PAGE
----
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Robert Horry was highly impressed with young Manu Ginobili

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Kind words from Robert Horry? At least this time, yes!

AP

Robert Horry has a mixed relationship with Spurs fans. He played a significant role in their 2005 and 2007 championships — most notably with a huge 4th quarter and OT performance in Game 5 of the 2005 NBA Finals against the Pistons — but he can also be a wildcard when it comes to what direction he’ll take when discussing one of his three former championship teams. In one interview he’ll praise the Spurs, and in the next he’ll draw fans’ ire for bizzare comments such as claiming Rudy Tomjanovich was better coach than Gregg Popovich, or blurting out that Hakeem Olajuwan was “20 times better” than Tim Duncan in a conversation that wasn’t even about Big Fun.

In that same interview, he also claimed that Spurs would have won 10 championships “if Manu Ginobili would have did the things he was supposed to do,” whatever that was supposed to mean. However, this time he has something nice to say about everyone’s favorite Argentinean. In an appearance on the podcast Knuckleheads with Quintin Richardson & Darius Miles where they walk through basically his entire basketball career, he discussed how rookie Manu impressed him when he was still with the Lakers:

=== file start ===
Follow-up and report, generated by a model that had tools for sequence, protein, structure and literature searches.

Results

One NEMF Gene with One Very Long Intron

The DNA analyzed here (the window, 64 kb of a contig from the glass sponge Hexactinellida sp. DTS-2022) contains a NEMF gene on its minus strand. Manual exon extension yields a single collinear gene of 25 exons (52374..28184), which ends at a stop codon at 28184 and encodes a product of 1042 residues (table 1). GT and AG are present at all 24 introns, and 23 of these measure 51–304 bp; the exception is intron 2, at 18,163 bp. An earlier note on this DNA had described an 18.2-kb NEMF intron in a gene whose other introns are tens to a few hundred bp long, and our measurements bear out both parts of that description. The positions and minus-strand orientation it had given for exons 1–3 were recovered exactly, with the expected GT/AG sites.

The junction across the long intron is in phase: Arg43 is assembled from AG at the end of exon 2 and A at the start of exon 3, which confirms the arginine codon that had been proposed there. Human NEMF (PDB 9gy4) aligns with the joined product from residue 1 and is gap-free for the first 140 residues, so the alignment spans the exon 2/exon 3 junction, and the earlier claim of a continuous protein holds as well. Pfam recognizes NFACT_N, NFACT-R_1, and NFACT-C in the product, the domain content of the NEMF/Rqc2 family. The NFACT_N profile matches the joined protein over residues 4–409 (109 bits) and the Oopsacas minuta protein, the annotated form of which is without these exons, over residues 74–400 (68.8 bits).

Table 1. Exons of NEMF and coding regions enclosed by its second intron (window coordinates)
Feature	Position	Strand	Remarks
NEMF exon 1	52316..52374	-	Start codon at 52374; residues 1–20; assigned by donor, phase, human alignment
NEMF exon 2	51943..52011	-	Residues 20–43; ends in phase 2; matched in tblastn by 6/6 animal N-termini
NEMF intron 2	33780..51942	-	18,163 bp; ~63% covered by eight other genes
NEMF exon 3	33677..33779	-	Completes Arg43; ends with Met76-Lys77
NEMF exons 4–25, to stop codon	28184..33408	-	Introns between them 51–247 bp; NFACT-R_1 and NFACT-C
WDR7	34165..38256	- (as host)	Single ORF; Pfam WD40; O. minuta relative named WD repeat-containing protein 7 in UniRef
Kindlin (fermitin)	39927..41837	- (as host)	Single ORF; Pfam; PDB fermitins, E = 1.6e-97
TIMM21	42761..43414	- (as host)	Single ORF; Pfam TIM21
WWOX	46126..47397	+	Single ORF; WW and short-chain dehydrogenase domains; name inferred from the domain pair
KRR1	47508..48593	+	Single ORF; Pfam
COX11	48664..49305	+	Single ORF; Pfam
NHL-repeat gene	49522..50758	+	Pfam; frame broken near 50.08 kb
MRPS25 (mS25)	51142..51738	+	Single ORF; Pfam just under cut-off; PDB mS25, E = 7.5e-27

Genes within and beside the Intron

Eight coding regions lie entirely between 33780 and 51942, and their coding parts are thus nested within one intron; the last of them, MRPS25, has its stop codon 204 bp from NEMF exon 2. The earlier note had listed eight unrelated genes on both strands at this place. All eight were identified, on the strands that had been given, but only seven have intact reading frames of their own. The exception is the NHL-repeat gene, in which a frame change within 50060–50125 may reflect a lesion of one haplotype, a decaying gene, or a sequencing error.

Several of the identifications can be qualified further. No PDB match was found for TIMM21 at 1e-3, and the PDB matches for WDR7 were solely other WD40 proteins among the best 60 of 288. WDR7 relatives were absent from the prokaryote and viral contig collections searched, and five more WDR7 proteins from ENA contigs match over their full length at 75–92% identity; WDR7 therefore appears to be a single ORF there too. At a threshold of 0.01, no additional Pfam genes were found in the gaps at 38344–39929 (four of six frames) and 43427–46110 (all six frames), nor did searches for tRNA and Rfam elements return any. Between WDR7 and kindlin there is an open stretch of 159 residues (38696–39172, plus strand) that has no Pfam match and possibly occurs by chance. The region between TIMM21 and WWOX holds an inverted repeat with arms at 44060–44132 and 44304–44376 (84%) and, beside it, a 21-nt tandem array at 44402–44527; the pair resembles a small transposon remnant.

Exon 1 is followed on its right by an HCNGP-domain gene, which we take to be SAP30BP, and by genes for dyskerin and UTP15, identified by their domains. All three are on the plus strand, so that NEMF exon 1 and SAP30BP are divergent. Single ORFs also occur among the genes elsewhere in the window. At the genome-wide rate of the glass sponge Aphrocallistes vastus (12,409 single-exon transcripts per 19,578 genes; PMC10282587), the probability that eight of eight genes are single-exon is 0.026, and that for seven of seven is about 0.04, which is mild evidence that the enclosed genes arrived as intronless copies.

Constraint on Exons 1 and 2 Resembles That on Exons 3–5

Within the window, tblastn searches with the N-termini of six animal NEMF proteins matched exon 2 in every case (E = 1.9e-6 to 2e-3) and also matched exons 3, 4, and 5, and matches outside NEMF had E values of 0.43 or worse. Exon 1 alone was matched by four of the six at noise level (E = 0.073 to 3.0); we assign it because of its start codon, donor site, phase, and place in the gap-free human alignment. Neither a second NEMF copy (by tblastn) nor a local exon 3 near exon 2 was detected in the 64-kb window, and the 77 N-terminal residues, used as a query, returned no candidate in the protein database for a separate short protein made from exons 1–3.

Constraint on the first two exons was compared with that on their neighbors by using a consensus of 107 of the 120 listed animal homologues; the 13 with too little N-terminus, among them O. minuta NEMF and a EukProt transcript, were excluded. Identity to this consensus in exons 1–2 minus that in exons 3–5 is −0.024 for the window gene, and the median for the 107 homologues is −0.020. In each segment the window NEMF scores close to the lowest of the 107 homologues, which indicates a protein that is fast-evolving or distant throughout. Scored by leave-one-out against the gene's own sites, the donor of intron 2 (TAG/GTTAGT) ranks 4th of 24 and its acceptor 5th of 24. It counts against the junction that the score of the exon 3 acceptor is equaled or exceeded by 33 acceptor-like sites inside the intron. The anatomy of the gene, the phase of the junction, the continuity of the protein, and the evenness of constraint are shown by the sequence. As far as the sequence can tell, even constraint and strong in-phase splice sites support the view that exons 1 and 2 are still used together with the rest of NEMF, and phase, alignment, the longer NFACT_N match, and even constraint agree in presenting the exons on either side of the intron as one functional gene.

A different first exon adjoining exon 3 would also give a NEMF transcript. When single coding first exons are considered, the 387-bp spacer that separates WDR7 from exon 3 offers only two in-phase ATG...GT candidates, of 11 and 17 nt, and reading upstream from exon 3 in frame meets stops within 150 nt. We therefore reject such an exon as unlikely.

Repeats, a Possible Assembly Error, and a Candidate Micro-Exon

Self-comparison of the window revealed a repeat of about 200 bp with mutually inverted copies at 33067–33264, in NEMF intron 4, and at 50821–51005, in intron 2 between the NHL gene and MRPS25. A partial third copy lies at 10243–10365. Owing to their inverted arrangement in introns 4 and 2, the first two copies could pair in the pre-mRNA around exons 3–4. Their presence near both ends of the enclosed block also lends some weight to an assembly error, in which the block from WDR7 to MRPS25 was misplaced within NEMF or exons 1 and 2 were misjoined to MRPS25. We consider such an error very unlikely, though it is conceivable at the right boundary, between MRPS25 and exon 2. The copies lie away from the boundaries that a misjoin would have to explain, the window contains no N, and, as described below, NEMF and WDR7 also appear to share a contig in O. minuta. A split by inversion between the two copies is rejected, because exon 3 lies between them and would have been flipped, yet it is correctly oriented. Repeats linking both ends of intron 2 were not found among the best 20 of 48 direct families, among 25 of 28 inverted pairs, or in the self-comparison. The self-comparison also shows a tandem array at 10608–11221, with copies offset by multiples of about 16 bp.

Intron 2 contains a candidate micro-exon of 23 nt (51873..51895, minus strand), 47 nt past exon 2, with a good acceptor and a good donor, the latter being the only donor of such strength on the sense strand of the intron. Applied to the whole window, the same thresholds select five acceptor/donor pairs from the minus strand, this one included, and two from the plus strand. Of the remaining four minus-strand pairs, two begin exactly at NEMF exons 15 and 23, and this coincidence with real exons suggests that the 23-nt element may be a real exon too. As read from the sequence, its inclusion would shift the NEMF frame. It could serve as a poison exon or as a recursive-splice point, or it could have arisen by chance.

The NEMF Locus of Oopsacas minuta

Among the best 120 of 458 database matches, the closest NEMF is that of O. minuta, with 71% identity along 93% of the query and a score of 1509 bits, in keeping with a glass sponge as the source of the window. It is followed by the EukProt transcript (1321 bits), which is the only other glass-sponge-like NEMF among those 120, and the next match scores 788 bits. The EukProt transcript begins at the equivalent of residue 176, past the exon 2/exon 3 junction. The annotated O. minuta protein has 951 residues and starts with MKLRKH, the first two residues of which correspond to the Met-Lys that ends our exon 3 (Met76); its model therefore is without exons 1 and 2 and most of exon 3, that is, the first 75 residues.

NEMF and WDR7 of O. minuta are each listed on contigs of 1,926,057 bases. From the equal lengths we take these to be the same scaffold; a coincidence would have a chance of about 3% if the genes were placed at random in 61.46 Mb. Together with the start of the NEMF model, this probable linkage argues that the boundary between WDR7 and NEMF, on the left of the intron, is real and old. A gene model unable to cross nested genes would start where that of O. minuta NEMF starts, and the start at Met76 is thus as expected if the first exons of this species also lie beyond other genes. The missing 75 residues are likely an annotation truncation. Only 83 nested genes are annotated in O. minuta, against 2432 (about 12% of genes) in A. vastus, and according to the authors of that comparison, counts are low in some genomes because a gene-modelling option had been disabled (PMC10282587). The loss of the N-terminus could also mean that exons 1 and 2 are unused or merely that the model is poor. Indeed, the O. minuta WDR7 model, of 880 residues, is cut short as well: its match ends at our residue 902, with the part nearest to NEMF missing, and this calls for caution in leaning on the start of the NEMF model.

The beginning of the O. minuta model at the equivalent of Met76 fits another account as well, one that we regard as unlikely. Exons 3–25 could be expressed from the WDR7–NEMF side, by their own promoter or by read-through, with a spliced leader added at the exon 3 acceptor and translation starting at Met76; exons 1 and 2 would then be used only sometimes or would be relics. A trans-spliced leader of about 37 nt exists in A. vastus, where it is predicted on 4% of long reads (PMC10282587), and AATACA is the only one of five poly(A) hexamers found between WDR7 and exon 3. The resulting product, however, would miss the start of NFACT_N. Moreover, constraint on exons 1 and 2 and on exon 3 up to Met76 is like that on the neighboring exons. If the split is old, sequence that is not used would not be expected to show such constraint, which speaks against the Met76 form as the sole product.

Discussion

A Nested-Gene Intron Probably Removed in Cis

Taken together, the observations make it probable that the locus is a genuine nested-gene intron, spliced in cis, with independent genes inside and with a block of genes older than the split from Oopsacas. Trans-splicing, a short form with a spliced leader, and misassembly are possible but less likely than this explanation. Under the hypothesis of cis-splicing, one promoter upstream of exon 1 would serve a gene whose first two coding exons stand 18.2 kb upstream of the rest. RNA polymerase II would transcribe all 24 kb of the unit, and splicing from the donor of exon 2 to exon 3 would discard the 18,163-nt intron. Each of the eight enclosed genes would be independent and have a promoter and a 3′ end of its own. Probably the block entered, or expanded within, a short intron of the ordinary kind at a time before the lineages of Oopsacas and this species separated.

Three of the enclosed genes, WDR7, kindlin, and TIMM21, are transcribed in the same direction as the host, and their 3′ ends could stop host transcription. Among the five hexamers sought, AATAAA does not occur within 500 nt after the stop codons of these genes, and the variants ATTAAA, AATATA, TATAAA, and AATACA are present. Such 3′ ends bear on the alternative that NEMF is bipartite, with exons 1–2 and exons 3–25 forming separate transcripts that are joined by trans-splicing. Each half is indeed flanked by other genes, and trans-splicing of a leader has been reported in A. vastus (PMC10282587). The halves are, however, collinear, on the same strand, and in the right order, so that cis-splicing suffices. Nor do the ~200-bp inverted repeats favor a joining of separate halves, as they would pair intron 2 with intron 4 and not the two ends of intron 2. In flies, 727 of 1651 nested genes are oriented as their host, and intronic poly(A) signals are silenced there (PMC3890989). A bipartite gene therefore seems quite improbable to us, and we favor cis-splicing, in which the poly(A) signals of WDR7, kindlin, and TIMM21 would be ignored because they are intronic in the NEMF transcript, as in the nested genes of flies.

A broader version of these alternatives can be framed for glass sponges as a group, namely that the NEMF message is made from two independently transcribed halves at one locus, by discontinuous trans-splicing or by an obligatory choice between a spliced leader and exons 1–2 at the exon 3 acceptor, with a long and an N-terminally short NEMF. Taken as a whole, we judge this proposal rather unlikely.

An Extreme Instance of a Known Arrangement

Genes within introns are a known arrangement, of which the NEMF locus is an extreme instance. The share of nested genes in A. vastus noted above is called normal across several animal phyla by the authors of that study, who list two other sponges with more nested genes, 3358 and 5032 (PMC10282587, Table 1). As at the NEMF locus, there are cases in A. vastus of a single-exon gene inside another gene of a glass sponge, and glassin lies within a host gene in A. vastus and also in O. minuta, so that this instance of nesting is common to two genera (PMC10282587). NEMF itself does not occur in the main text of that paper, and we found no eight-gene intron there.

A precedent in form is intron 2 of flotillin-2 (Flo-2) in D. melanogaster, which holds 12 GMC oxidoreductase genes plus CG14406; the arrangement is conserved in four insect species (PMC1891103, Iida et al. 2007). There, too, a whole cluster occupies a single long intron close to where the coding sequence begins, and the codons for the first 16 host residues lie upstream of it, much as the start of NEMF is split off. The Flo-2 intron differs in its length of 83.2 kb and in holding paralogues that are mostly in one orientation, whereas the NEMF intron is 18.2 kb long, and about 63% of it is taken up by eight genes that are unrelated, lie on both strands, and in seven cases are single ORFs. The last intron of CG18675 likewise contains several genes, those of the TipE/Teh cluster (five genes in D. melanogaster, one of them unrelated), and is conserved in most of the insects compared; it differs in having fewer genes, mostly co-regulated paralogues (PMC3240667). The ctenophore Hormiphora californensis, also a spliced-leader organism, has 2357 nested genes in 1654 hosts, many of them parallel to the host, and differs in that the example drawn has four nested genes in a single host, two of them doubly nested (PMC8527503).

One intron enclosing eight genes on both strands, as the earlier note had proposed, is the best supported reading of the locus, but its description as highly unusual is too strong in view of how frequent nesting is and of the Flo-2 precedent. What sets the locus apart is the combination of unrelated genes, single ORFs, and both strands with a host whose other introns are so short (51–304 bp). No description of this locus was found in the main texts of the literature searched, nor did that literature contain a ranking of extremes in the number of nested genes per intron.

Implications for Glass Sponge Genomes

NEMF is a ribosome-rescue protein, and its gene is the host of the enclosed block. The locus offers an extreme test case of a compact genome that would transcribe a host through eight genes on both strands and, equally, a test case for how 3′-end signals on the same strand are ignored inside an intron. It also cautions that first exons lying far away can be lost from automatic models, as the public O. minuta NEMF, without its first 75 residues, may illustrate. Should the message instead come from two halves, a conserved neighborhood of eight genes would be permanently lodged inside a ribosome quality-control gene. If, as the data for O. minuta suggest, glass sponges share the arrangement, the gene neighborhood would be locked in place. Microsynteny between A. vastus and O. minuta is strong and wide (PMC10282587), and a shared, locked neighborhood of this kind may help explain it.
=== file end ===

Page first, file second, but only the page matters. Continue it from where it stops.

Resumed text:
“Manu killed us. He was going at Kobe (Bryant), he wasn’t afraid of Kobe. He (Manu) was left handed and could get to the hole, shoot floaters, trying to dunk on people. He was a beast.”

But he was even more impressed once he joined the Spurs the next season and realized how truly special Manu was.

“When I got to the Spurs and got to watch him every day I saw how good he was. There wasn’t a shot he wouldn’t take, or a move he wouldn’t try because he had the confidence, no fear, and the ability to to make whatever shot he wanted.”

In the same interview, he also had nicer things to say about Pop in a story we’ve heard before, comparing Pop’s more compassionate nature to Phil Jackson’s business-only approach, and he retold the story of how Pop sent him home from training camp to be with his hospitalized daughter.

“Phil wouldn’t really talk to you. [He] would just come and talk to you [about] basketball — [say] read my book that I gave to you for a Christmas present.”

“Pop would come and talk to you, take you to dinner, buy you a glass of wine. Pop would really try to get to know you.”

“I remember when my daughter got sick and we were doing training camp, I left and went home and then I came back. He was like, ‘What are you doing here? Is she out of the hospital?’ I was like ‘no.’ [He said] get out of here. I don’t want to see your face until she’s home and she’s 100%. I’m like, ‘what?’ He sent me back home.”

You can click here or listen to the entire podcast below. Sometimes it benefits to tune Big Shot Bob out, but at least on this occasion he’s worth the listen.